Infiltrating the Lobe
April 2002

I followed up with Dr. Etzweiler on the how things were going but I did have the makings of a cold. By the 15th, the cold was definitely in the chest. Time for a chest X-ray, Levaquin and cough syrup with codeine. The X-ray showed an infiltrate in the upper right lobe. This warranted delaying the next pulse steroid dose scheduled for the following week.

I'm Improving!
February through June 2002

Each successive lupus activity panel (aDNA and C3 and C4) has been been better than the previous. The pulse steroids seem to be working and with fewer side effects than a higher oral dose of steroids or Cytoxan treatments.

Over this time period, I got to know the nurses in the infusion room, all of which are great. Joan, Barb, Jennifer and Lori are the primary infusion nurses and it's easy to see why patients sing their praises so often. They're right there along with the patients trying to beat the crap out of a variety of illnesses that require chemotherapy.

May 20, 2002

I saw Dr. Kepecs today and everything was fine. He did give me a prescription for a diuretic because I complained about feeling bloated post-IV steroids.

Chest Pain but no 911, Please
May 3, 2002

It's Friday and I've been having odd chest pain since last night. If I lean over forwards, it gets more intense, then settles down. It's not very painful, more like a dull ache. If it weren't Friday and it wasn't Memories Expo tomorrow, I'd wait until the next day....

So I call Dr. Etzweiler's office about 1pm, and of course, you say the words "Chest Pain" and they get excited. I'm not thinking heart attack, more like pericarditis. Dr. Etzweiler actually has an open appointment so I drive myself down there.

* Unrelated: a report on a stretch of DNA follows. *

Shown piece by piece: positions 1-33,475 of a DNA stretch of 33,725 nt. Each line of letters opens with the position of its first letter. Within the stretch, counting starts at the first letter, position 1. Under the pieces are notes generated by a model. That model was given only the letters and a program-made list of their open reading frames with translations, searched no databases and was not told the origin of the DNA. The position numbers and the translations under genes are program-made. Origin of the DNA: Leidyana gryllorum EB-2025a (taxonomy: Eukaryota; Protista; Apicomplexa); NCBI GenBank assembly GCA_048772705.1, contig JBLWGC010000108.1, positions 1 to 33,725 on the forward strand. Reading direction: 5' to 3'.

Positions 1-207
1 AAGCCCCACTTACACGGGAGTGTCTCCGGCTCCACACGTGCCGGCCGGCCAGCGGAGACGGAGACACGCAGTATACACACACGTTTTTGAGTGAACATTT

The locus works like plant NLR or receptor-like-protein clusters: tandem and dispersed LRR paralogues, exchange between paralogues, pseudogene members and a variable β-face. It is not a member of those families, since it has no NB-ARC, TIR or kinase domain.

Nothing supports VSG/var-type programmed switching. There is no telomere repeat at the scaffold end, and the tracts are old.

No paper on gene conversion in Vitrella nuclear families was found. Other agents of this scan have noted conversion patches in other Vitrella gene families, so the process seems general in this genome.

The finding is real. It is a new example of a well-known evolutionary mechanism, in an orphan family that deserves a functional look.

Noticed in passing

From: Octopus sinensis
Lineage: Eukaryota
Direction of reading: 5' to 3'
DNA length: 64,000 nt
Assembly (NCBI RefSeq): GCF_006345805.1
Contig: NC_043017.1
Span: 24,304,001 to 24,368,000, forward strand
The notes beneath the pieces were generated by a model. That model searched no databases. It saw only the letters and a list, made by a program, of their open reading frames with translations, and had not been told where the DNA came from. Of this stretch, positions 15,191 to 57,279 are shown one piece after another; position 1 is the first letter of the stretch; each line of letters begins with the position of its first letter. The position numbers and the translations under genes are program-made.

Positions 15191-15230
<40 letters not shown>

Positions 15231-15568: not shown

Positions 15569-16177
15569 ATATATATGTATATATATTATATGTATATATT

When I get there, she's already scheduled an EKG and when I see her after the EKG, she's already spoken to the group's cardiologist, Dr. Costin and arranged for an echocardiogram. She listened to my heart and did not hear any signs of pericarditis.

The echo is normal....while I was having it done, I realized that when Dr. Etzweiler asked if it felt like reflux and I had said "no," I really should have said that I have no idea what reflux feels like. Given the normal EKG (they also compared it to one Angelique had taken a week earlier for the LJP1082 study and faxed to them), echo and exam, Dr. Etzweiler felt the most likely cause was reflux. I agreed to stop the Vioxx and she gave me a script for Nexium. I took the Nexium that night and by the next morning I was starting to feel better.

Did the Nexium really work that fast or would I have felt better the next day even if I hadn't caused all that drama? I'll never know....